“Increasing cost pressures and an uncertain outlook from the biggest technology names have spurred investors to go over the weekend and investors are unlikely to be comfortable any time soon as the Fed is widely seen with a hawkish message next week. expects to deliver 50-basis point growth, said Charlie Ripley, senior investment strategist at Allianz Investment Management.
On Friday, the S&P 500 fell 155.57 points to close at 4,131.93. The benchmark index is now down 13.3 per cent for the year. The Dow closed down 939.18 points at 32,977.21. The Nasdaq closed down 536.89 points at 12,334.64. It is down 21.2% so far this year.
Shares of small companies also had a bad day. The Russell 2000 closed at 1,864.10, down 53.84 points, or 2.8 per cent.
Big Tech has been leading the market decline throughout the month as traders left high-flying territory. Tech posted huge gains during the pandemic and is now starting to look higher, especially as interest rates rise sharply as the Fed steps up its fight against inflation.
Internet retail giant Amazon fell 14 percent, one of the biggest falls in the S&P 500, a day after reporting a rare quarterly loss and giving investors a disappointing revenue forecast. The weak update from Amazon comes as Wall Street worries about a possible slowdown in consumer spending coupled with rising inflation.
Prices of everything from food to gas are rising as the economy recovers from the pandemic and there has been a huge disconnect between high demand and short supply. Russia’s invasion of Ukraine has only added to inflationary concerns as it raises prices for oil, natural gas, wheat and corn.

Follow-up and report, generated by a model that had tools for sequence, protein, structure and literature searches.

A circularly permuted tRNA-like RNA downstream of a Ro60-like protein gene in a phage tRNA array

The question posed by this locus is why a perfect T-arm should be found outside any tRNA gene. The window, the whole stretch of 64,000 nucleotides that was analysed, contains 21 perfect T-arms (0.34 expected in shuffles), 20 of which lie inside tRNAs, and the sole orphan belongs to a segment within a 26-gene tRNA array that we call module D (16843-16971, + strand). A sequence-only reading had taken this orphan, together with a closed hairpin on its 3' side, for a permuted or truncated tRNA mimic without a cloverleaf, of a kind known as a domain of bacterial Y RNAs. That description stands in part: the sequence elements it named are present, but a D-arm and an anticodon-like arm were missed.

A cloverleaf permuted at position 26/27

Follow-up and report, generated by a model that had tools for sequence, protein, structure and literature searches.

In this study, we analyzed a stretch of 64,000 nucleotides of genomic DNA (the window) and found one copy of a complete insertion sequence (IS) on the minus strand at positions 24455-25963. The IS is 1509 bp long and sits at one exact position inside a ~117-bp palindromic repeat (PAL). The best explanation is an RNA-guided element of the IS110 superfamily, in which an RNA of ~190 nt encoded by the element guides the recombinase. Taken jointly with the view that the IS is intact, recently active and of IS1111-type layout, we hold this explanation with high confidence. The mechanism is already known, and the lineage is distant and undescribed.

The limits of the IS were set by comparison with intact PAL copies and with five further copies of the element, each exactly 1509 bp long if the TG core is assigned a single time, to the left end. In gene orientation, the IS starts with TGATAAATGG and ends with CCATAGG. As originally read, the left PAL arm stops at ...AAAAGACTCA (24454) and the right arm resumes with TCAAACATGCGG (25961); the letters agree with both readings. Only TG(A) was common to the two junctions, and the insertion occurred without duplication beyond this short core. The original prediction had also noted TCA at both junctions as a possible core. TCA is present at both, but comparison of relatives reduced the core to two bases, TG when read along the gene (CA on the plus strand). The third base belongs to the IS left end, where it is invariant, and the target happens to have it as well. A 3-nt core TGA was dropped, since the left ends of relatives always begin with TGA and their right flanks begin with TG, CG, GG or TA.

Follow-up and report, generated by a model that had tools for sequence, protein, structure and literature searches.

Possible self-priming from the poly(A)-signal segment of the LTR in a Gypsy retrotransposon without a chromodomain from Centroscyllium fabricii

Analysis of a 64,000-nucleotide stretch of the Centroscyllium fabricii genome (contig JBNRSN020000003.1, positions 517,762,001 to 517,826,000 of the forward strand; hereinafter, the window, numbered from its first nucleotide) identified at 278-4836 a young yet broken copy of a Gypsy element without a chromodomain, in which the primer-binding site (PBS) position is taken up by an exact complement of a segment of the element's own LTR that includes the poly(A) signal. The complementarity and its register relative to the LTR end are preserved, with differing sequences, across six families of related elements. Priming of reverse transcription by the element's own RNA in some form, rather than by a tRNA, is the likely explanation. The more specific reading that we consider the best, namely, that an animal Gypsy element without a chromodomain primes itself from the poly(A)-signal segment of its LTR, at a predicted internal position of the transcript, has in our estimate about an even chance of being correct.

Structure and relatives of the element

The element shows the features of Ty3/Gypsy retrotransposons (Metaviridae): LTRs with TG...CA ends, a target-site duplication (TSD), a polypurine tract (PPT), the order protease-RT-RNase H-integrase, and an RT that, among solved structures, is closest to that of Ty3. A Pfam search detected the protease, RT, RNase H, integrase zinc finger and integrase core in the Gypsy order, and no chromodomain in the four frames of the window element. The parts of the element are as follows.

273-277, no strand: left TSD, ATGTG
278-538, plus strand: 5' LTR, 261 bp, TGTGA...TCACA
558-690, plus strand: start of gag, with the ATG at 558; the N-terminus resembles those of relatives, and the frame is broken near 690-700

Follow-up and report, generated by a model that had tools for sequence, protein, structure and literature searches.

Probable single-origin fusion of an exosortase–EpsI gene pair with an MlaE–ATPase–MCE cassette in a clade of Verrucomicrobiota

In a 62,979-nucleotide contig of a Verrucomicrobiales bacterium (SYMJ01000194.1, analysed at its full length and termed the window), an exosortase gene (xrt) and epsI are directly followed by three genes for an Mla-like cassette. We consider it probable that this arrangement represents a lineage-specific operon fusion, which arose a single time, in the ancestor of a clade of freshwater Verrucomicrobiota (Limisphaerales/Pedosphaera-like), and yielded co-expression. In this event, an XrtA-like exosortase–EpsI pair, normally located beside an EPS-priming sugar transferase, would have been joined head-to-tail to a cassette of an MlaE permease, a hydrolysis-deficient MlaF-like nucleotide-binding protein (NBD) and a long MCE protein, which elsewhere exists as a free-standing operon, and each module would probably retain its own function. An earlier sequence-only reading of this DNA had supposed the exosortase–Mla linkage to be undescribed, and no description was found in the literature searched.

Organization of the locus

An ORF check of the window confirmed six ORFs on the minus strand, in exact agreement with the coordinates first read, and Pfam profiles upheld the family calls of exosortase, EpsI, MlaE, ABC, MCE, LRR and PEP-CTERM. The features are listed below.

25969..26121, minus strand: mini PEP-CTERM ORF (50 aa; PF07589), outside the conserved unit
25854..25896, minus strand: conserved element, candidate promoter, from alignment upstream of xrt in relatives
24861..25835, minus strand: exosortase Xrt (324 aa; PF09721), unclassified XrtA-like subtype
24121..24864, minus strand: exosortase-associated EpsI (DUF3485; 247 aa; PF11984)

The closely-tracked inflation by the Federal Reserve rose 6.6 percent in March from a year earlier, the Commerce Department reported Friday, the highest 12-month jump in four decades and further evidence that rising prices are straining household budgets and health. of the economy.
The latest report on rising US inflation follows a report by statistics agency Eurostat that showed inflation hit a record high of 7.5 percent in April for the 19 countries that use the euro.
Bond yields rose after heated readings on inflation. The yield on the 10-year Treasury rose to 2.92 per cent from 2.85 per cent.
Rising inflation has prompted central banks to raise interest rates to reduce the impact on businesses and consumers.
Much of the worry on Wall Street in April has focused on how quickly the Fed will raise its benchmark interest rate and whether an aggressive series of hikes will stifle economic growth. The Fed chairman has indicated that the central bank may raise short-term interest rates by twice the normal amount in upcoming meetings beginning next week. It has already raised its key overnight rate once, the first such increase since 2018, and Wall Street is anticipating several big increases in the coming months.
Investors spent much of April shifting away from Big Tech companies, whose stock prices benefit from lower interest rates, into areas with less risk. The consumer staples sector of the S&P 500, which includes many home and personal goods makers, was the only sector on the benchmark index to gain in April. Other safe-play sectors, such as utilities, outperformed the broader market, while technology and communications stocks are the biggest losers.